Frames and full-bodied memory--introductory remarks
Viewing time as the unfolding of experience requires some modifications of what we bring to our usual understanding of “experience.” To gain insight into time as experience, our use of the term “experience” must become radically inclusive of the entire range of each moment of embodied living. In this vision, experience unfolds as frames--perhaps the frames reminiscent of strobe lights or, better, "trails" seen during pharmacological experimentations. Each frame is inclusive of both focal awareness and ambient awareness, i.e., the peripheral visual, olfactory, kinesthetic, tactile, and somatosense to the extent they impacted the frame. Also, and very significantly, the form and aural spatial configuration of that frame. Seen as time (Sanskrit, kshana, Pali: ksana), each moment is a temporal frame inclusive of all the frame contains. Space and time are distinguishable but not separable. So a frame is all-inclusive and not limited to a conceptual memory of an event of any sort. It is the context which the conceptual or cognitive event occurred within. The cognitive memory is an abstraction made in the present from the frame of the past that still abides in the store of living memory that lives, remains, in the present conditioning each "subsequent" frame that is and will be.
Part I: An Elaboration on the Frame
Each moment is filled with some form of objectivity, feeling, perception, consciousness, and meaning content. In addition, each moment may be, and in most instances is, attended by a self-sense, a subject. Frames, when considered from a temporal perspective, are moments. These moment-frames are cumulative. Depictions of fractals are a way to visualize them.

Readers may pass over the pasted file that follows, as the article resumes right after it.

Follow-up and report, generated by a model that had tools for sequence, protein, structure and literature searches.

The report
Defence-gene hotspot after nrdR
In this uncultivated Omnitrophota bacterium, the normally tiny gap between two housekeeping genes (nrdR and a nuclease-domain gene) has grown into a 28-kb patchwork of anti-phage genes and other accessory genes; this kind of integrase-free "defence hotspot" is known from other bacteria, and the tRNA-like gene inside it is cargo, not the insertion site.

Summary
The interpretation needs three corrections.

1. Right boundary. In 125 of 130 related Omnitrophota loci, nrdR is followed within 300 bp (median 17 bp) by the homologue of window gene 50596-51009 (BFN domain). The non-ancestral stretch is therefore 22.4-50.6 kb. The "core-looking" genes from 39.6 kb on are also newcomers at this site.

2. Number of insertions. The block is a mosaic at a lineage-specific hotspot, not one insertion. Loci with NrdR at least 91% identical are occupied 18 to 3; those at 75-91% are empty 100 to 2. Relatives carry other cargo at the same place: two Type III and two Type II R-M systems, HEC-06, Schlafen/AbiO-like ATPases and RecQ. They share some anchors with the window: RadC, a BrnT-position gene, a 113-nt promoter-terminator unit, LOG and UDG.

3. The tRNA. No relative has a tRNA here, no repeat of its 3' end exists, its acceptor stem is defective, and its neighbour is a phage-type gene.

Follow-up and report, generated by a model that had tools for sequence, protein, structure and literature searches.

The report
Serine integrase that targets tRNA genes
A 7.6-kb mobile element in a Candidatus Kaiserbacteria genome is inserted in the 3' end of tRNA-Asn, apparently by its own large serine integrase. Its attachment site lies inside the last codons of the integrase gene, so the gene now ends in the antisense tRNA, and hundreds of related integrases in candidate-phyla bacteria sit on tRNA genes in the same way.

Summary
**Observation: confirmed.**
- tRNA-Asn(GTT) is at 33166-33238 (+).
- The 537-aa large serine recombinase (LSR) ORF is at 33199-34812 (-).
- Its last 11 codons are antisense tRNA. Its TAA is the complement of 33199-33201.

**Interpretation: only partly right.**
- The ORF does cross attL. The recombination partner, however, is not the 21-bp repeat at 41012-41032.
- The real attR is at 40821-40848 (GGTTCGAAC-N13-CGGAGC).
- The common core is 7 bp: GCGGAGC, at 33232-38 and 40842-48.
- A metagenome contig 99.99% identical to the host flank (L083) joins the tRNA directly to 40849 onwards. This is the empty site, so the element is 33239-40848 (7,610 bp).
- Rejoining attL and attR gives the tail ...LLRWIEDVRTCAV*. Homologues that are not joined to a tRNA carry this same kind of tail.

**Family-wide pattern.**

Each kshana or moment-frame becomes on the basis of all the prior ones, despite their differences. If we use the metaphor of geological deposition as in the sediment layers visually apparent in (as) the Grand Canyon, we see that each of the layers takes on the configuration it does from both the prior sediment layers and the conditions laid down from the multitudinous influences of the spatio-temporal context. This is what Buddhists and other Indian philosophical schools refer to as karmic deposits (vasana, samskaras/samkaras). These then form the basis of subsequent deposits. This leads us to a karmic or historical theory of deposition.
All of our acts of body, speech, and mind are conditioned by this process of deposition. As you may observe in the picture of a fractal, each frame follows on the basis of all the other frames. This process has no perceivable beginning when seen in experience--often one arising from meditation or other unconventional perception. Perceptions, thoughts, and memories arise carrying with them all of the relevant factors of past and present in a vectorial movement toward the future. The doctrine of karma states that the processes conditioning all experience have no beginning (an-adi)--but they do have an end. Some might hold that end to be death others hold it to be some sort of release like nirvana.
Part II: Freedom Within the Frames (forthcoming)